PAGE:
4) Wild Honey
A Beach Boys attempt at an Stax-inspired album should have been, for all intents and purposes, a bona fide disaster, as there are very few things whiter than suburban boys in matching pinstripe shirts and ’50s-style crewcuts. Instead, 1967’s Wild Honey marks a return to music created in-house by The Beach Boys themselves (you know, kind of like an actual band) instead of the complex instrumentalist backings performed by the Wrecking Crew for Pet Sounds and Smile. Even though it’s the last album that features Brian as primary composer, it’s cherub-voiced Carl who took the lead on many songs and in many areas of production on the album. What Wild Honey lacks in musical complexity, it makes up for in personality on songs like the title track and “Darlin’.” Carl takes a questionable stab at a Stevie Wonder-vocal impression, covering “I Was Made to Love Her,” but for the most part, his lead vocals help his songs to resonate through clear pop hooks and infectious lightheartedness in ways that no song on any of Brian’s hyper-controlled albums ever could. Even Brian sounds like he’s having actual fun as lead on the deceptively innocent “I’d Love Just Once to See You” and “Here Comes the Night” (If you’ve got time to kill, and I do mean to just throw away into the abyss, listen to the disco-ified version of the latter, re-released in 1979 as an outrageous 11 minutes of excess).
Ask anybody who’s had to suffer through Beach Boys’ renditions of “Barbara Ann” or “Be True to Your School” on oldie’s radio and they can confirm that the early work of the group could easily cross the threshold from sugary into sickly sweet. In contrast, 1970’s Sunflower takes the group’s penchant for sun-soaked melody and applies it more gently on an album that exudes warmth through skilled, elegant production. Paste contributor Brian Chideste called The Beach Boys’ efforts on the album “in many respects, their Abbey Road—a lush production that signaled an end to the 1960s, the decade that gave them creative flight.” There are points when Sunflower is too decadent for its own good—”Tears in the Morning” oozes schmaltz, including a literal accordion solo when Bruce Johnston laments that his wife has left him for Europe—but the album also contains the the undeniably cool shoegazing precursor “All I Wanna Do” and the aching “Forever,” Dennis Wilson’s finest lead vocal contribution apart from his solo work on Pacific Ocean Blue.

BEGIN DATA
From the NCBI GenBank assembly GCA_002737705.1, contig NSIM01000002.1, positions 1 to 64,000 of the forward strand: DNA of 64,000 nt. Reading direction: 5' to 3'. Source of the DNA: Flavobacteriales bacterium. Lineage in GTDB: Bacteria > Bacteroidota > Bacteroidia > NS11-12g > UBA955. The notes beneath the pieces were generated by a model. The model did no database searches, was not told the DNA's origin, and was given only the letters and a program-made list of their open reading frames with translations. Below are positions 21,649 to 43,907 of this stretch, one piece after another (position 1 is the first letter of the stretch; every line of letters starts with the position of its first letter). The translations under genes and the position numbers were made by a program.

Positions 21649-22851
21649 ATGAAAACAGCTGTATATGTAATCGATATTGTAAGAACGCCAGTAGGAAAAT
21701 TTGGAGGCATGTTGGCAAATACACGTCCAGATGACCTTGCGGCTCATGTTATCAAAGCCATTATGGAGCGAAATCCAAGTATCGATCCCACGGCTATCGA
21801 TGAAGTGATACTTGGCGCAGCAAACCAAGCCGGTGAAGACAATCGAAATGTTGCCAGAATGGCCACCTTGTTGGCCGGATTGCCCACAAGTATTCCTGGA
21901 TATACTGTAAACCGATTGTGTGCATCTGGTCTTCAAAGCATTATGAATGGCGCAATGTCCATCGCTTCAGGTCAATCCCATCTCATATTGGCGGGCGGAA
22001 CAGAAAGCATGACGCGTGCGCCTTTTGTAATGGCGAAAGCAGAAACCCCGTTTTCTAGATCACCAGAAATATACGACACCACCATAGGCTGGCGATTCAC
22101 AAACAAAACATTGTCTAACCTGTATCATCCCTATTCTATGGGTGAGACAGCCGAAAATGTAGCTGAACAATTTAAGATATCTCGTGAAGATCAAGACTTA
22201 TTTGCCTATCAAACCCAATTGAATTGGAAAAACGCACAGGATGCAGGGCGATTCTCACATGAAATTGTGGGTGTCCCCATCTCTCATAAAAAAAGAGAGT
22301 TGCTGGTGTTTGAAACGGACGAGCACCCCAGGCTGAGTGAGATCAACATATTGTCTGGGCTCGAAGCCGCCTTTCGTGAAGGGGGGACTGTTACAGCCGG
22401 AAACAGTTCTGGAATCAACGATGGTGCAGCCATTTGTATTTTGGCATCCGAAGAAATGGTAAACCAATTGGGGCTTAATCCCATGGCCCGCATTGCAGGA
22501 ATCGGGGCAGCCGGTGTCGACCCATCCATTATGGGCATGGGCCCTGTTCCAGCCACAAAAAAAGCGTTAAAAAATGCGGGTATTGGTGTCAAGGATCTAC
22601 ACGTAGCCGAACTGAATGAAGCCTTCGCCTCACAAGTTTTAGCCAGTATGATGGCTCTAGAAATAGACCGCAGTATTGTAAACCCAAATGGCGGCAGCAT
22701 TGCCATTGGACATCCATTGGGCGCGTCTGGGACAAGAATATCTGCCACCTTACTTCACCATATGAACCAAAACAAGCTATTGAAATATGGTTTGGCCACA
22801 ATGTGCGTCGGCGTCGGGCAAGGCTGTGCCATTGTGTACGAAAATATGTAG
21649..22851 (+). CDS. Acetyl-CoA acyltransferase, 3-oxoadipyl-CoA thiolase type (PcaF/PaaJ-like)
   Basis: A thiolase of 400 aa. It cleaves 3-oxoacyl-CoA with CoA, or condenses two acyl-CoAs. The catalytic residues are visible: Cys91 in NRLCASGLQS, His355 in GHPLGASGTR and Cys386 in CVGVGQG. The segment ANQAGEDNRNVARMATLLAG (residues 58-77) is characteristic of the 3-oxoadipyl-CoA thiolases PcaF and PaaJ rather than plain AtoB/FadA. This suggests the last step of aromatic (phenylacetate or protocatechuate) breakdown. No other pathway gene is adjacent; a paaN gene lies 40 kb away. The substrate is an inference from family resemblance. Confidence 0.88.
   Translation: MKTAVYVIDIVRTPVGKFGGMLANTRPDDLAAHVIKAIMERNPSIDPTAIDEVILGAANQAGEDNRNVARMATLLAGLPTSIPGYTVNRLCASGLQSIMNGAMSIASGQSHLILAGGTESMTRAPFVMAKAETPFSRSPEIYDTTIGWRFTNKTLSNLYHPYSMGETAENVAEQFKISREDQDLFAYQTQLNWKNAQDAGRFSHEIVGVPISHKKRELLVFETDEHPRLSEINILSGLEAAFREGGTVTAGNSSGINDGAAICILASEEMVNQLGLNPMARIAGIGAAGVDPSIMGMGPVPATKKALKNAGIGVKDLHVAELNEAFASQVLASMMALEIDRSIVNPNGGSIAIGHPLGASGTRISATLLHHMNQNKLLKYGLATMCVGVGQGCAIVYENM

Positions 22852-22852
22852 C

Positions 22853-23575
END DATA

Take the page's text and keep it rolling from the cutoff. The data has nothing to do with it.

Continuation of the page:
2) Surf’s Up
In 1971, The Beach Boys’ released Surf’s Up, and despite the tongue-in-cheek title (spoiler: The Beach Boys enjoyed surfing about as much as Brian looks like he does in the “Brian’s back!”-themed SNL sketch where Dan Aykroyd and John Belushi physically force him into the ocean), it was the darkest album the band would ever record. The album cover depicts a nod to “End of the Trail,” a sculpture featuring a broken-down Native American man who, after coming to a sudden halt, is about to plummet over an unseen precipice—given Brian’s all-consuming nervous breakdown within the next two years, the imagery is all too portentous. Straight from the discordant chords that open the album on “Don’t Go Near the Water,” the album is miles from “Surfin’ Safari” as an early pioneer of prog rock. Carl’s alien and ethereal “Feel Flows” finally connected The Beach Boys to the counterculture more than the album’s Kent State shooting protest jam “Student Demonstration Time” ever could, and the organ-laden “A Day in the Life of a Tree” and the haunting “Til I Die” may just be Brian’s last great compositions. But the real standout is the album’s title track, a leftover from Smile. “Surf’s Up” is innovative, enigmatic and sublime evidence of the woulda/coulda/shoulda run for their money The Beach Boys almost gave the Beatles in 1967.
1) Pet Sounds
While there is admittedly nothing original left to say about Pet Sounds, anyone who says the 1966 album is overrated is, without exaggeration, lying to you and to themselves. In the early ’60s, The Beach Boys songs about summer and cars and girls marketed them as an idyllic portrait of the white (and whitewashed) picket fence version of the American Dream; in reality, Brian was an anxious young man with an abusive father. In Pet Sounds’s 36 minutes, Brian creates an album whose thematic arcs of growing up and disillusionment implode the happy-go-lucky narrative surrounding the band. The album opens with a tinkling 12-string guitar solo on “Wouldn’t It Be Nice” when—crash!—in comes Wrecking Crew drummer Hal Blaine with a drum smack to successfully eliminate whatever innocence you thought Pet Sounds could harbor a whopping seven seconds in. There’s no throwaway tracks on the album, even in its two instrumentals. Brian denies the inevitable end of a relationship on the too dreamy “Don’t Talk (Put Your Head on My Shoulder)” and experiments with a ghostly sounding Theremin on “I Just Wasn’t Made for These Times” (it’s use on Mad Men haunts me to this day). Pet Sounds is an album of upending expectations—“God Only Knows” is possibly the most moving love song ever written, and its opening line is “I may not always love you,” so come on—of the studios who wanted commercial hits, of the audiences who wrote The Beach Boys off as surf rock noise and of the critics who felt that rock music had to sound a certain way. Its coming-of-age themes are as universal as they are painfully personal, making Pet Sounds, without a doubt, “a complete statement.”